For a Type ‘A’ supply the water shall not contain any micro-organism or parasite that shall be harmful to human health; or any substance at a concentration or value which would constitute a potential danger to human health.
The Scottish Regulations outline the parameters which should be looked at and detail the maximum values of those parameters to meet the requirements. In addition to the microbiological parameters there are 26 chemical parameters in the directive which should be met.
In addition there is also the ‘nitrate formula’ which states:
(nitrate) / 50 + (nitrate3) < 1
Where the concentrations are mg/l for NO3 (nitrate) and NO2 (nitrite).
Type ‘B’ Supply - Type ‘B’ supplies are not governed by EC legislation. They are dictated by each member country’s legislation and are therefore ‘National Requirements’.
Again, the not unreasonable requirement is that the water should not contain a micro-organism or parasite or substance at a concentration which would constitute a danger to public health. The parameters covered by these requirements are not as detailed as the European Directive but do allow a good indication of water quality to be viewed.
These requirements & parameters are:
Coliform bacteria nil
Conductivity 2500 max.
E Coli nil
Lead 25µg/L up to 24/12/2013 (and 10 thereafter)
Turbidity 4 NTU
Hydrogen Ion (pH) 6.5 – 9.5
Note: pH minimum value is now 6.5 (previous 5.5 with a relaxation to 4.0).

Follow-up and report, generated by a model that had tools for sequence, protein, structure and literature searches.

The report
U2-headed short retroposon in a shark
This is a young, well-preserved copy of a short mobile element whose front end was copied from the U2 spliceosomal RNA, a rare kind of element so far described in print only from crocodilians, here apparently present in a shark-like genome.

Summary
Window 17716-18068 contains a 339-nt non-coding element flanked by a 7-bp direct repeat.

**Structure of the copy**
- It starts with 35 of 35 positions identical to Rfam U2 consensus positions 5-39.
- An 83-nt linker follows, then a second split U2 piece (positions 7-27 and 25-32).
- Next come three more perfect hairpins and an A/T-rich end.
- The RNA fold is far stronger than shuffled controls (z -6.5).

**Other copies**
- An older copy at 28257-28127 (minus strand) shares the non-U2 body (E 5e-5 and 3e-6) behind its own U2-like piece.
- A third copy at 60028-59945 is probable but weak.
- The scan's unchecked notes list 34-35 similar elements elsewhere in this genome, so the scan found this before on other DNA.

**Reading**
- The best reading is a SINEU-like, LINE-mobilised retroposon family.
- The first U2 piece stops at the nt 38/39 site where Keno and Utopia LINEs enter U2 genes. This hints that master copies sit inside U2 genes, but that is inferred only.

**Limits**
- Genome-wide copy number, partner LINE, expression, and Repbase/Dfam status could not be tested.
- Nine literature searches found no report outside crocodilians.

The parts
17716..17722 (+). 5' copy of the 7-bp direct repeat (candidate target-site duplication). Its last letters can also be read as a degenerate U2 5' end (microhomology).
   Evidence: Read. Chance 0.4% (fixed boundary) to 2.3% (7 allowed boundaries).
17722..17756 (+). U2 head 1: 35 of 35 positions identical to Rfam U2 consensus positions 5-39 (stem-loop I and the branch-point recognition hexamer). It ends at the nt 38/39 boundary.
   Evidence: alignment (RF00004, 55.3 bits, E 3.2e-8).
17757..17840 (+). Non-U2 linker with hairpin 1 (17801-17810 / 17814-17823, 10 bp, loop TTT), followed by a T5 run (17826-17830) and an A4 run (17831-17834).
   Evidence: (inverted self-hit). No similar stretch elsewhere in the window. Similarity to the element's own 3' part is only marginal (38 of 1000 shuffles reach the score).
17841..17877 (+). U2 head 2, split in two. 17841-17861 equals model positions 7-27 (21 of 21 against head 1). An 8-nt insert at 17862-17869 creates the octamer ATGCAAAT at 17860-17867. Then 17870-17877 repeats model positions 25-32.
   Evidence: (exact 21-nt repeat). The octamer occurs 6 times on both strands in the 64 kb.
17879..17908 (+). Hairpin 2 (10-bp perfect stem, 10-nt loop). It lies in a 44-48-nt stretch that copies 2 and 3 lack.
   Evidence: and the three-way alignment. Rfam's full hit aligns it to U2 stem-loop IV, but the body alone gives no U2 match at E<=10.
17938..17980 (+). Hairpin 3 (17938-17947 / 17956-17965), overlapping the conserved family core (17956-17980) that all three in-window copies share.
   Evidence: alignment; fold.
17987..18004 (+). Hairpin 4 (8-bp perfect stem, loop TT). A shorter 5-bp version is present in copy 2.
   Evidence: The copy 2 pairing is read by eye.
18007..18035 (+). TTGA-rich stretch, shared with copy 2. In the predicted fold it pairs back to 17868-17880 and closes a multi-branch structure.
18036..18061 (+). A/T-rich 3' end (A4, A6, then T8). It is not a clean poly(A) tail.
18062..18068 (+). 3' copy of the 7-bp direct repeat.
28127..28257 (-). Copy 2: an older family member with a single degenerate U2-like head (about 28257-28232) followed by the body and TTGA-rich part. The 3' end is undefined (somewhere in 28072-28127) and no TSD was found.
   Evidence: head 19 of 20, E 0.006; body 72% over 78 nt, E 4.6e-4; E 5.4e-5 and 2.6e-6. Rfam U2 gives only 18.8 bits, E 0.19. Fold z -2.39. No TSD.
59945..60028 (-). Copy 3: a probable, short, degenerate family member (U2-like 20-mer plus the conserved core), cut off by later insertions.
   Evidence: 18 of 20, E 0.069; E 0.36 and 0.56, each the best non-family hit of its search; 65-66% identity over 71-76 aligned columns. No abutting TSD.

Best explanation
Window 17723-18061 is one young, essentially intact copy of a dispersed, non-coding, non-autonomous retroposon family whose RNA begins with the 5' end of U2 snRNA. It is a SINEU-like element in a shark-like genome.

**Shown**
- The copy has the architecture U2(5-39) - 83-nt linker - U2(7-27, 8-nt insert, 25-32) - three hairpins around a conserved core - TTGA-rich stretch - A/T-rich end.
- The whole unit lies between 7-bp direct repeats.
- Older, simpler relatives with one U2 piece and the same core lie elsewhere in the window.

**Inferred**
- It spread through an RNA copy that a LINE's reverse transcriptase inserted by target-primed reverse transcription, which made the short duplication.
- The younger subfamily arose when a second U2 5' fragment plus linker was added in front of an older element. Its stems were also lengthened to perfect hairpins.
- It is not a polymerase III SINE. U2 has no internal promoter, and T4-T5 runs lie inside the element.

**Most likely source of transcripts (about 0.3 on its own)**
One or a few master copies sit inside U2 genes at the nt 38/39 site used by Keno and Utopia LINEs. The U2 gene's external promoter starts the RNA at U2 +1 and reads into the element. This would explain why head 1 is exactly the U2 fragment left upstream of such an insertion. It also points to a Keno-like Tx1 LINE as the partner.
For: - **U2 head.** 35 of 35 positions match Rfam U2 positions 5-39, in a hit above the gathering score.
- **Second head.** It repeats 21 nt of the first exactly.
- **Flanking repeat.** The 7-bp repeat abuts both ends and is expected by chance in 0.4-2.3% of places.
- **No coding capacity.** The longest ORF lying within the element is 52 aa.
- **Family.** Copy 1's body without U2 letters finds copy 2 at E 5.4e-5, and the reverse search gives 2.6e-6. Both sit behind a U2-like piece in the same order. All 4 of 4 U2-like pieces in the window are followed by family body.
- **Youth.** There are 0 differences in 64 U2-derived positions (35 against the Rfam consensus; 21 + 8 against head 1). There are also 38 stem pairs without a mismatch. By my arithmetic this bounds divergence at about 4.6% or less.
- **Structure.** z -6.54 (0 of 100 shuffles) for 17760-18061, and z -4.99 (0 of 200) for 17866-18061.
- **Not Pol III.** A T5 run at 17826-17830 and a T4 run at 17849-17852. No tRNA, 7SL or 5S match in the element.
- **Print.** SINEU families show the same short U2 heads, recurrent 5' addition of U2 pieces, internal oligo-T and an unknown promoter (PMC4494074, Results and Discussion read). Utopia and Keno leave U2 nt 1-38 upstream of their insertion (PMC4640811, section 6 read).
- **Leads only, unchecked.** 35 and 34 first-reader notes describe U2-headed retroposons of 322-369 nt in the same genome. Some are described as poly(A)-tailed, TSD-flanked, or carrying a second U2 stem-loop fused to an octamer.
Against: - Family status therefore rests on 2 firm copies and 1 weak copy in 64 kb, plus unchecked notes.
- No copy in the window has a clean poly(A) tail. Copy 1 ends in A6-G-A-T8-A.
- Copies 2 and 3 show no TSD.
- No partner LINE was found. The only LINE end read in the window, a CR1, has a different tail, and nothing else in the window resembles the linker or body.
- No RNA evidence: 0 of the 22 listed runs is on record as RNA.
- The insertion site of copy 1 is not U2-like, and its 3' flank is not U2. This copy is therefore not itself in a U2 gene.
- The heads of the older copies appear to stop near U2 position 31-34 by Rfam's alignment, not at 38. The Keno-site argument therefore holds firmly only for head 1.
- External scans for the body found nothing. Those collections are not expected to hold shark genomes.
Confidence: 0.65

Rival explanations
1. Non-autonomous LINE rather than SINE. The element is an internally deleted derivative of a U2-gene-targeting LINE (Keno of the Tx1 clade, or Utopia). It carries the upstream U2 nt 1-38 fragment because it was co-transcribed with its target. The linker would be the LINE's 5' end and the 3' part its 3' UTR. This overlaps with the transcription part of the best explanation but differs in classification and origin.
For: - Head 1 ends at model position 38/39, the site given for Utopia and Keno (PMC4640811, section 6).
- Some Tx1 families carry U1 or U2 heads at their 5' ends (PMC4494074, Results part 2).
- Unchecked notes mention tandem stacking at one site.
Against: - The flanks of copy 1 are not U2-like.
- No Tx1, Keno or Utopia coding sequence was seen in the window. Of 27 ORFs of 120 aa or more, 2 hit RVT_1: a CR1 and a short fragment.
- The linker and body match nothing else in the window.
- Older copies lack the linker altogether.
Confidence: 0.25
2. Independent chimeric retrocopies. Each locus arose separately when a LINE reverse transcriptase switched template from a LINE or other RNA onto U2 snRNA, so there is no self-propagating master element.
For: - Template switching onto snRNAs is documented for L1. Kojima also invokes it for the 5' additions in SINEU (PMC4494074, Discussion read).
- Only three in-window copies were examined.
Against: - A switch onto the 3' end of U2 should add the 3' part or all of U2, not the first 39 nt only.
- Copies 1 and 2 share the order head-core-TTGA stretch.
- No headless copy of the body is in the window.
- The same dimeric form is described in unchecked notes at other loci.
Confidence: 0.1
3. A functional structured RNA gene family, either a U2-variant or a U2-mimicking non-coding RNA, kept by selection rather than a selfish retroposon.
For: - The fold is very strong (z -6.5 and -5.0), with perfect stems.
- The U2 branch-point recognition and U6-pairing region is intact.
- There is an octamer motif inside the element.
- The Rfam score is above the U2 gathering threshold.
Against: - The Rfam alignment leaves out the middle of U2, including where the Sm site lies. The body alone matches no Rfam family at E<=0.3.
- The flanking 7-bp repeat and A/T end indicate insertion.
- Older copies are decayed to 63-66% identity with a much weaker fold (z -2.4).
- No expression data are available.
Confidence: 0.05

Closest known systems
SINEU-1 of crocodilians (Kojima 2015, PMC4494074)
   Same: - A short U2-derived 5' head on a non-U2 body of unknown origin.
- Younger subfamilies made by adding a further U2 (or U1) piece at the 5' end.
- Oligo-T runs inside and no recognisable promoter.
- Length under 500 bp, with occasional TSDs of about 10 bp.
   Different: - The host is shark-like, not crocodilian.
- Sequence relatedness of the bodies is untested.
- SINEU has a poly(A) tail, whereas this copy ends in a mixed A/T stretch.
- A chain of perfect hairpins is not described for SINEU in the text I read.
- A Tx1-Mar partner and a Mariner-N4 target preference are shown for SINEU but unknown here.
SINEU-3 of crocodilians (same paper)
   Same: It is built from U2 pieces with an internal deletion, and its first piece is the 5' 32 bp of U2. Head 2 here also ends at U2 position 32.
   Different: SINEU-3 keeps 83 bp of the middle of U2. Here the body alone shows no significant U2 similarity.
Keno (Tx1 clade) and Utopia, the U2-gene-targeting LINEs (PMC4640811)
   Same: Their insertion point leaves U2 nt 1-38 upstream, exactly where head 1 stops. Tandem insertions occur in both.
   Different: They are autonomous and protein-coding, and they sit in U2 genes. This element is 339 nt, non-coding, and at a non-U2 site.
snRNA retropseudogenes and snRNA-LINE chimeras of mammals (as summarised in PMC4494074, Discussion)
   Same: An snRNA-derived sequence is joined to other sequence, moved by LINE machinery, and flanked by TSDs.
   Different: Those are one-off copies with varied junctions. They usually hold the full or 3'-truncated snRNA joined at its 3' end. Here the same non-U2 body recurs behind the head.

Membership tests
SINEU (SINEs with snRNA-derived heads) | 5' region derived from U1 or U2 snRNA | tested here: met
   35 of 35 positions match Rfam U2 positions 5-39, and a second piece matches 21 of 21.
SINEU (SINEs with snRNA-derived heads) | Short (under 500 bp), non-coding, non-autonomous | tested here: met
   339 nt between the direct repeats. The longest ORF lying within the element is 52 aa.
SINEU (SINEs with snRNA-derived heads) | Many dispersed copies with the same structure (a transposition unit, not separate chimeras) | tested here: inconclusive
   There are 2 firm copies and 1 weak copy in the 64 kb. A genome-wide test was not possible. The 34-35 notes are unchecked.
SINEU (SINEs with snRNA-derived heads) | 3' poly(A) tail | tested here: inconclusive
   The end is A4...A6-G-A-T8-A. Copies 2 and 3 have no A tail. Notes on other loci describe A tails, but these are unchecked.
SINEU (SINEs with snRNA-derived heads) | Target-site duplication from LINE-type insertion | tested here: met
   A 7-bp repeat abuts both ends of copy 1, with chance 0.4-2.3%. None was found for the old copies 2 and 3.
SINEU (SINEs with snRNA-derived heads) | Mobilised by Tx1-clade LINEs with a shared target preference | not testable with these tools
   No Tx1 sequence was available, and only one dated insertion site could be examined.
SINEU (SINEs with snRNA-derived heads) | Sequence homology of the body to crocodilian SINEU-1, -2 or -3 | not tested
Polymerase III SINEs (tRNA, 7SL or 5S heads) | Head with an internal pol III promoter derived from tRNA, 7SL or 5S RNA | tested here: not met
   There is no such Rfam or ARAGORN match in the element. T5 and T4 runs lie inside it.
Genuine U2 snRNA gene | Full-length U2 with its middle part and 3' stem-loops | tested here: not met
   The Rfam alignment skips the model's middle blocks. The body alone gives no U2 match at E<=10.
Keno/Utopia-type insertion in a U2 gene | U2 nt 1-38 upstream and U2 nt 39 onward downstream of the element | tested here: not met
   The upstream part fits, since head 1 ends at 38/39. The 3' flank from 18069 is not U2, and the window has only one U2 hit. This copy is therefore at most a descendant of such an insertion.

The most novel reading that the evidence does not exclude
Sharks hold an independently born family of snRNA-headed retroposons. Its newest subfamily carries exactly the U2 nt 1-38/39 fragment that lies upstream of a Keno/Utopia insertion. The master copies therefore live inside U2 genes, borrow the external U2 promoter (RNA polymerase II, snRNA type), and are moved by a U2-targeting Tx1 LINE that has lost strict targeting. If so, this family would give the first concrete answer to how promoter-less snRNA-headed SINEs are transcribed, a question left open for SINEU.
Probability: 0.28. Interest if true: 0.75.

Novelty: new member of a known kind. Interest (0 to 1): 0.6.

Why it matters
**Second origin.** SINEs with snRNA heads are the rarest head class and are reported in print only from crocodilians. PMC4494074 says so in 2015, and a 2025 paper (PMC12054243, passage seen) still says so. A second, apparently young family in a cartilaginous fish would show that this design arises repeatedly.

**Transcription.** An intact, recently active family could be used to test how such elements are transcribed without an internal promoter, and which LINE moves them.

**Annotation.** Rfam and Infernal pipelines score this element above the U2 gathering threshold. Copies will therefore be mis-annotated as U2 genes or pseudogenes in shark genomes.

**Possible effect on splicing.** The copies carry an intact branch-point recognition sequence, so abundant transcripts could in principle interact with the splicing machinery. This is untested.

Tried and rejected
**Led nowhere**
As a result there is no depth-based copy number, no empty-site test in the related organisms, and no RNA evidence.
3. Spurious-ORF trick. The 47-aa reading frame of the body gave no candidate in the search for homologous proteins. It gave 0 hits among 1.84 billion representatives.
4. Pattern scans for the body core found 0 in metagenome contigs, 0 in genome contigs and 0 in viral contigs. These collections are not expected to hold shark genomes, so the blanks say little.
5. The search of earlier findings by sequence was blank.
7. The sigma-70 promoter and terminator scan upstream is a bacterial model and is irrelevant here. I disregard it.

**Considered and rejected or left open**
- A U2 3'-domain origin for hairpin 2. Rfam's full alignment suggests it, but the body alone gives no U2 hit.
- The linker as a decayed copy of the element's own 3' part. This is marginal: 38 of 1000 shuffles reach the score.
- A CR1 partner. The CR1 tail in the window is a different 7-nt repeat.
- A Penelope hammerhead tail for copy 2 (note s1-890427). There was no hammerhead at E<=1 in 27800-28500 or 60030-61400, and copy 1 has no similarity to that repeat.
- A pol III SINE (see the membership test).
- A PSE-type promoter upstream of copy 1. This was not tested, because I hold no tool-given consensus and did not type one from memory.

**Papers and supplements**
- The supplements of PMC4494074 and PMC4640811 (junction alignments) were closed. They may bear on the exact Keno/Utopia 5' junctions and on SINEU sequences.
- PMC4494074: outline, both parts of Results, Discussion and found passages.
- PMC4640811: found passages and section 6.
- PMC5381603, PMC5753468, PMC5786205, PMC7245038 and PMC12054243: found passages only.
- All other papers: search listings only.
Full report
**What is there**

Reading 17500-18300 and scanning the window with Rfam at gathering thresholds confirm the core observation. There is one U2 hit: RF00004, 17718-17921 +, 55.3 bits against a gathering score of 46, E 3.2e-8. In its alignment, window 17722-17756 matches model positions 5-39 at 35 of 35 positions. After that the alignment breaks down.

Temporary Departures – Type ‘A’ Supplies
On Type ‘A’ supplies where a relevant person has reason to believe that a Type ‘A’ supply fails, or is likely to fail the wholesomeness requirement, then that person can apply in writing to the local authority for a ‘temporary departure’ from the provisions.
The parameters which are allowed within this ‘temporary departure’ (Schedule 1 – Table B) are not microbiological parameters.
They cover parameters such as nickel, selenium, copper etc. The procedure for applying for this departure is detailed in Part V of the regulations as is the process by which the local authority may grant it. In effect, the authorisation is limited to three years although there are procedures for extending the time for up to 9 years by appealing firstly to the Scottish Executive and then to the European Commission.
Type A Risk Assessments
This is covered in Part VI of the regulations and comprehensive advice is given in The Technical Manual (www.privatewatersupplies.gov.uk)
All Type A supplies have to be risk assessed by the local authority and any remedial action detailed to the relevant person.
Where the local authority considers a Type A supply fails, or is likely to fail, the local authority shall immediately take such steps as are considered necessary to identify
A The cause & extent of the failure on potential failure.
B The microbiological & chemical parameters (in tables A & B of Schedule 1) which have ailed or are likely to fail.
C If the failure is attributable to the domestic distribution system, maintenance (or lack of maintenance) of the system or neither of these.